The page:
Plants and Fungi: Ecosystem Essentials Biology 2410 Utah State University
Course Outline • Three weeks: Diversity • Plants • Fungi • Bryophytes • Fourth week: Human impact on ecosystems • Environmental impact study
Diversity 50 years from now • Focus on seeing the diversity that exists • Use identification as a tool to • Induce close examination • Help understand role in ecosystem • Embed basic material deep into brain
Housekeeping • 2 credits in 4 weeks • 20-25 hours per week expected; 12 in class, the remainder outside of class • Four small assignments, collection, report, midterm, final • Slides summarize – learn more • Grading – based on top score • Lots of work, but learning tangible
Grading • Flower, leaf, fungus, bryophyte assignments 10 points each • Collection 20 points • Ecosystem report 20 points • Midterm 20 points • Final 30 points
Collection and report • Collection • 20 specimens • Well documented • At least 3 fungi and 3 bryophytes • Report • On EIS exercise • Draft of first part • Complete report due in June 3. End of Housekeeping!
Ecosystem A particular environment and the interacting biotic and non-biotic components of which it is composed. Note: Interacting – important part of concept. Particular environment? Desert, mangrove swamp, montane forest, agricultural field, town, whatever suits. A holistic view of an environment.
Ecosystem Needs: Energy Flow • Most energy from sun • Some from earth’s core as heat • Photosynthesis converts sun’s light energy to chemical energy • Chemical energy transformed into • Other forms of chemical energy • Heat energy • Kinetic (motion) energy • Light energy
Photosynthesizers • Plants • Oxygen as by-product • Algae • Oxygen as by-product • Bacteria • Methane, hydrogen sulfide as by-products • Manufacture sugars http://www2.ecology.su.se/dbbm/images/fucus.jpg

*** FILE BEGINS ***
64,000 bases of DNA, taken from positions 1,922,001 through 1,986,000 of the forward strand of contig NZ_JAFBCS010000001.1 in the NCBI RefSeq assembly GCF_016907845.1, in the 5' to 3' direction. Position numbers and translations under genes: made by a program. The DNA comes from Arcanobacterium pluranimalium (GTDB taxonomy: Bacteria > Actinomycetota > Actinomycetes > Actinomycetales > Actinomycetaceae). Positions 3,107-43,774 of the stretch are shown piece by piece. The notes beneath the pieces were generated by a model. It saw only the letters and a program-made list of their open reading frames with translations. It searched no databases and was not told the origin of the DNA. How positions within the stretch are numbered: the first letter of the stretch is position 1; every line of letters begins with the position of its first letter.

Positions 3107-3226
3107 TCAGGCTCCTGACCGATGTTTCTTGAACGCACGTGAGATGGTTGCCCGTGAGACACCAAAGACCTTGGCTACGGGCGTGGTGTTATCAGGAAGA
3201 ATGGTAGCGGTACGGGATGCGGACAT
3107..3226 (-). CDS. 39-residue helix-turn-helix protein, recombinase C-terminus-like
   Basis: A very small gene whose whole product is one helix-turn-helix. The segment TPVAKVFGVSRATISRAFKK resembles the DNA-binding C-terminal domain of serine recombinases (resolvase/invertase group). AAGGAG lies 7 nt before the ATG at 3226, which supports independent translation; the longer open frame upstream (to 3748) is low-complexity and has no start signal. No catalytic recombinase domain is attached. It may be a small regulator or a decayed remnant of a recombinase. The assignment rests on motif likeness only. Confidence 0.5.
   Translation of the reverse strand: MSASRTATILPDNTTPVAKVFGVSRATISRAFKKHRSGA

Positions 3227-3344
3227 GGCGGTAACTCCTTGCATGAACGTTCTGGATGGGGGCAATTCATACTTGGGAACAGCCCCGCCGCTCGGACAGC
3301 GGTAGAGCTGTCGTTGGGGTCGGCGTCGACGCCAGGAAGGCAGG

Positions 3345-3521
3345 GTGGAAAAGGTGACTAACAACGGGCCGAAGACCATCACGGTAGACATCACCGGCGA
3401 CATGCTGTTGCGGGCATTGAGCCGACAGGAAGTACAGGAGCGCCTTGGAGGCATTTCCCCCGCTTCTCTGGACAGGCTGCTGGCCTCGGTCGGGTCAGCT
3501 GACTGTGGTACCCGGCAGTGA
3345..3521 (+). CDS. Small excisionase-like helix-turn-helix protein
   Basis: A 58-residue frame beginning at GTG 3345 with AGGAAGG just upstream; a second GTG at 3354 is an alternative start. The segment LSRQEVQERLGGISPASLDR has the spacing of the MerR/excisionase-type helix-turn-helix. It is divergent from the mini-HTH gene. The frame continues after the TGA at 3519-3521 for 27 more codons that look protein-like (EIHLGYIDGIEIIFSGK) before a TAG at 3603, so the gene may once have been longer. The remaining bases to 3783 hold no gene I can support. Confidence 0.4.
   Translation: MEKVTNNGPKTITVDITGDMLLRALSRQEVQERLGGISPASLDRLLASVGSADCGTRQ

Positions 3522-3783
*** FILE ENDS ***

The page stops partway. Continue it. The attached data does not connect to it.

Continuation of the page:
Chemical energy converters • Rely on other organisms for previous energy capture via photosynthesis or use of earth’s heat energy (thermophilic bacteria) • Fungi • Animals • Bacteria • Archaebacteria
Ecosystem Needs: Nutrient Cycling • Three major cycles • Carbon • Nitrogen • Water • Maintaining these cycles vitally important • Other cycles usually less important • What is impact of slowing down cycles?
Ecosystem Structure • Physical • Location • Topography • Rock type • Biotic • Species present and their abundance and distribution
Building Blocks Of Starch Plants Terrestrial, photosynthetic organisms • Green – absorb all but green from visible light spectrum • Capture light energy and convert it to chemical energy – sugars; oxygen as by-product • Store energy as starch • Cellulose cell walls • Essential - most extant organisms require oxygen for metabolism
Plants: additional contributions • Food • Soil stability • Soil creation • Protection • Shade www.ucmp.berkeley.edu/ plants/plantae.html
Plant Diversity • Green algae • Mosses • Liverworts • Ferns • Gymnosperms • Flowering plants
Glycogen Less linear than cellulose and has protein at center Fungi – closer to animals than plants • Obtain nutrients via external digestion of complex carbon compounds • Not photosynthetic, not motile • Use glycogen as their primary form of energy storage • Have chitinous cell walls (see next slide)
Chitin and Cellulose • Chitin – polymer of glucosamide • Cellulose – polymer of glucose
Fungal Importance • Primary recyclers - break down complex compounds to simpler compounds that can be used by other organisms • Aid plants obtain nutrients by extending effective reach and breaking down compounds (mycorrhizae) The Fungi Rot Them All
Fungi: additional contributions • Food • Drink • Disease • Medicine • Bioremediation